- Vincenzo Sarinelli (Voice)
Notes & Reviews:
Lucia di Lammermoor's tragic tale of love, feuds, deception, madness and murder has thrilled audiences since its premiere in 1835. It boasts a fast-moving plot, a strong cast of characters, a brooding Scottish Gothic horror setting and some of Donizetti's most effective and demanding music, making it the most celebrated bel canto opera in the repertoire. On this live recording from the Donizetti Theatre in Bergamo, Desiree Rancatore gives a fresh and thrilling interpretation of the demanding role of the doomed heroine Lucy Ashton, her famous 'mad scene' featuring a glass harmonica, Donizetti's original choice of instrument, rather than the more usual flute, to underline the state of her shattered mind.
MusicWeb International - Robert Hugill
This is the latest in the Naxos sequence of Italian bel canto operas in performances from Italy. They are sung by predominantly Italian young singers. There is something entirely admirable in the way that Naxos is making available these recordings. Unfortunately the vagaries of the current international opera scene mean that real bel canto singers are in short supply. This performance, recorded at the Donizetti Festival in Bergamo, would have been entirely creditable and attractive if heard live. But it does not quite have the qualities which make you want to hear it repeatedly.
First, the plus points. The opera is performed in Roger Parker's critical edition so what we hear is a lot closer to Donizetti's original intentions. We even get a glass harmonica to wonderfully eerie effect in the mad scene. The singers all seem to be native Italian speakers. This is less critical in an opera like Lucia where recitative is kept to a minimum, but it still counts for a great deal. Finally, most are young so that we have young characters played by young singers. All this is relative. Don't forget that Lucia is supposed to be in her late teens.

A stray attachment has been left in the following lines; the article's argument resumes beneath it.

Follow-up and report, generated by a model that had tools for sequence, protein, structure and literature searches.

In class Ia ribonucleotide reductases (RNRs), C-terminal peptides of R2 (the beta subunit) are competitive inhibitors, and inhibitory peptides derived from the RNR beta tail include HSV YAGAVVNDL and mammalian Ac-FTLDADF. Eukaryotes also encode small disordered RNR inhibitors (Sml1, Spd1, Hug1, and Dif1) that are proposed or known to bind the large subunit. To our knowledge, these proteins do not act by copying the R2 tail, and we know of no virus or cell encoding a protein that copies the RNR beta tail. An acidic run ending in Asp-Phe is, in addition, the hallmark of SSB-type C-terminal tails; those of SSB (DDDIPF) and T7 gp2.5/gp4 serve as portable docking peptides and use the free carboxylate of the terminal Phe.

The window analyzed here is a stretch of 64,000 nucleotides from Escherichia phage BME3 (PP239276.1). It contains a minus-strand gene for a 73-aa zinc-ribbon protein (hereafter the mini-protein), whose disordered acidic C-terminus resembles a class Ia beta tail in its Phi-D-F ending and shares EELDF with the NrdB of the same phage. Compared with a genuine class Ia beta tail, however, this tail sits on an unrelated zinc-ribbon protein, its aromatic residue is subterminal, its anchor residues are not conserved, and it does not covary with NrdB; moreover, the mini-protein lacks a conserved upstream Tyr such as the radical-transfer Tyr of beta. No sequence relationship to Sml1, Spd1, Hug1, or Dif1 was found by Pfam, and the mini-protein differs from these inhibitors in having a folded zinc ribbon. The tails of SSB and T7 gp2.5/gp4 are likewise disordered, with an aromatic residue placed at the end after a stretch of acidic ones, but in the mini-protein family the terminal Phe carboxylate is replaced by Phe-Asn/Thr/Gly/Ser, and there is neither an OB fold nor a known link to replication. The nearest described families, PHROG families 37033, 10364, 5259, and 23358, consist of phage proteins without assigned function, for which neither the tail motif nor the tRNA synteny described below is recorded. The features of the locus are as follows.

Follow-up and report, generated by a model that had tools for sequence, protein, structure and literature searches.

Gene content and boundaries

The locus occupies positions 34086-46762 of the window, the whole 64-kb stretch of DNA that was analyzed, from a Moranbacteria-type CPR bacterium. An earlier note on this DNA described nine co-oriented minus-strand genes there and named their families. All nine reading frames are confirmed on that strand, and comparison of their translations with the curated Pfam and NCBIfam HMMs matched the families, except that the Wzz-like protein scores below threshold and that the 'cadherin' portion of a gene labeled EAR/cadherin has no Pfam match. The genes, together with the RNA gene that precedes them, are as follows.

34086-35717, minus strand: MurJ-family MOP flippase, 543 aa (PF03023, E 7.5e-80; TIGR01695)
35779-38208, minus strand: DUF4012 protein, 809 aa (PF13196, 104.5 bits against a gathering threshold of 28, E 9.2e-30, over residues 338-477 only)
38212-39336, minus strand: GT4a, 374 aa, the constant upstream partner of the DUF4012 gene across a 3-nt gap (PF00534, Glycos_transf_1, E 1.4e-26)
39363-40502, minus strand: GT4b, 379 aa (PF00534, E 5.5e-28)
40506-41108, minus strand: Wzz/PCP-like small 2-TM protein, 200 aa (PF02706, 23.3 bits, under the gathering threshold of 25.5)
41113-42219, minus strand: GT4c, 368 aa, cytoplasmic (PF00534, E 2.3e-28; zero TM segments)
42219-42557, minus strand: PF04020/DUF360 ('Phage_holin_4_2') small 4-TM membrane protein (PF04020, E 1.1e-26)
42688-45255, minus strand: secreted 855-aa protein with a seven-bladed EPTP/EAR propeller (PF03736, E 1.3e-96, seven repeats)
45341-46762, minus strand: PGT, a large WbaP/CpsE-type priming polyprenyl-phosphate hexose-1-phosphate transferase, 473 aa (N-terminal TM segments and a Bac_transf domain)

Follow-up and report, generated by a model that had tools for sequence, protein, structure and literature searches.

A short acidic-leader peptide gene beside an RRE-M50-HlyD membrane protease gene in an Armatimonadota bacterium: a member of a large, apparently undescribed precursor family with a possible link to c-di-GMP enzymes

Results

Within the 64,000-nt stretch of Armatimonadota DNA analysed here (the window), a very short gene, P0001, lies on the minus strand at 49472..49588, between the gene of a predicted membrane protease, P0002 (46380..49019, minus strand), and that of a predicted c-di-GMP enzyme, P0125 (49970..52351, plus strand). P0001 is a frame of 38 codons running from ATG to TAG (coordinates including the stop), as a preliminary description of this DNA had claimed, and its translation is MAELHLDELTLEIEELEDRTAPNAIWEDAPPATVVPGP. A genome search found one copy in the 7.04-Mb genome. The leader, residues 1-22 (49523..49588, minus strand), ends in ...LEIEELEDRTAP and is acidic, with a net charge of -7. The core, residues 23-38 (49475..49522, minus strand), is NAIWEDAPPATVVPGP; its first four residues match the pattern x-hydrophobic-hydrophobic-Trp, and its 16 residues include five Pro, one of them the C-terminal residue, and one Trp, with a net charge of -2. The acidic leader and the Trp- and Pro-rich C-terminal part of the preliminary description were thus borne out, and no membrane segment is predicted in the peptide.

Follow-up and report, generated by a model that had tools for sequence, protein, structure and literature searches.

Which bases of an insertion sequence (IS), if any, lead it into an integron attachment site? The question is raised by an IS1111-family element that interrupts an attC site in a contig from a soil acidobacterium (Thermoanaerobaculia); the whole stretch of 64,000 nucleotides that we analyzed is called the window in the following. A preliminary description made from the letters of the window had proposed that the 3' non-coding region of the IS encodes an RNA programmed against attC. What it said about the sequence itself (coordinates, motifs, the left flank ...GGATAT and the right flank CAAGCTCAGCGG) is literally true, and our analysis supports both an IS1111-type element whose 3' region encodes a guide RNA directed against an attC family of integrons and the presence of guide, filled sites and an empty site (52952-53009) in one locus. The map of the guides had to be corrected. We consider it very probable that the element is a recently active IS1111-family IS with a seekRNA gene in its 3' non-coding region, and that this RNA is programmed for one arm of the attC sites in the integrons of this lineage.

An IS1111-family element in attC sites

Anyone picking up this performance on spec would find a pleasant enough performance. If you already have a selection of Lucia recordings (Callas, Sutherland, Caballe and perhaps the one conducted by Mackerras) then this makes an interesting addition, giving you an idea what current performances in Italy are like.
The point of a good Lucia is to make the opera come over as drama. In their different ways Callas, Sutherland and Caballé make you see the piece as drama; the endless roulades are a means to an end. Callas is perhaps the best at making you understand, via the music, that Lucia really is mad. Not every singer can do this; simply being able to sing the notes is something of a triumph.
The removal of late 19th century accretions from the role of Lucia mean that it becomes more accessible to lyric sopranos with a turn for coloratura. Desirée Rancatore definitely has all the notes, even her acuti are beautiful and in tune. She can also sing the fioriture, perhaps without Sutherland's amazing accuracy and Callas's acuity. And there's the rub. Rancatore's Lucia is a pleasant enough girl, who suffers... but not deeply. During the mad scene she doesn't sound as if she's just killed her husband and is about to expire; she is just too balanced. More importantly her singing is too generalised. Each individual note doesn't seem to matter. I have one further problem with Rancatore, something of a bête noire of mine - vibrato. As captured on this disc Rancatore has a significant and continuous vibrato. Though the core of her voice is substantial enough, at times the vibrato is a little too like her trills. Some people might not find this a problem.
As Edgardo, Roberto De Biasio is suitably impassioned and negotiates Edgardo's part with skill. Like Rancatore he has all the notes and his final aria is impressive, but his voice does at times have a tendency to hardness. De Biasio evidently grasps the need to inject passion and expression but he seems to be approaching Donizetti's music more from the verismo direction than is desirable.
I felt that Luca Grassi's Enrico had rather too much of a tendency to bluster. That said, he and De Biasio do manage to stir up quite a storm in the Wolf's Crag scene. Enrico Giuseppe Iori makes an acceptable Raimondo, but he lacks the warm and suave believability which are needed to make this character work. Matteo Barca's Arturo sounds rather small of voice, but that might be the recording which is live from a stage production.
There are the inevitable stage noises, but none of these are overly distracting. To their credit, few excuses need to be made for the ensemble, it is generally admirable.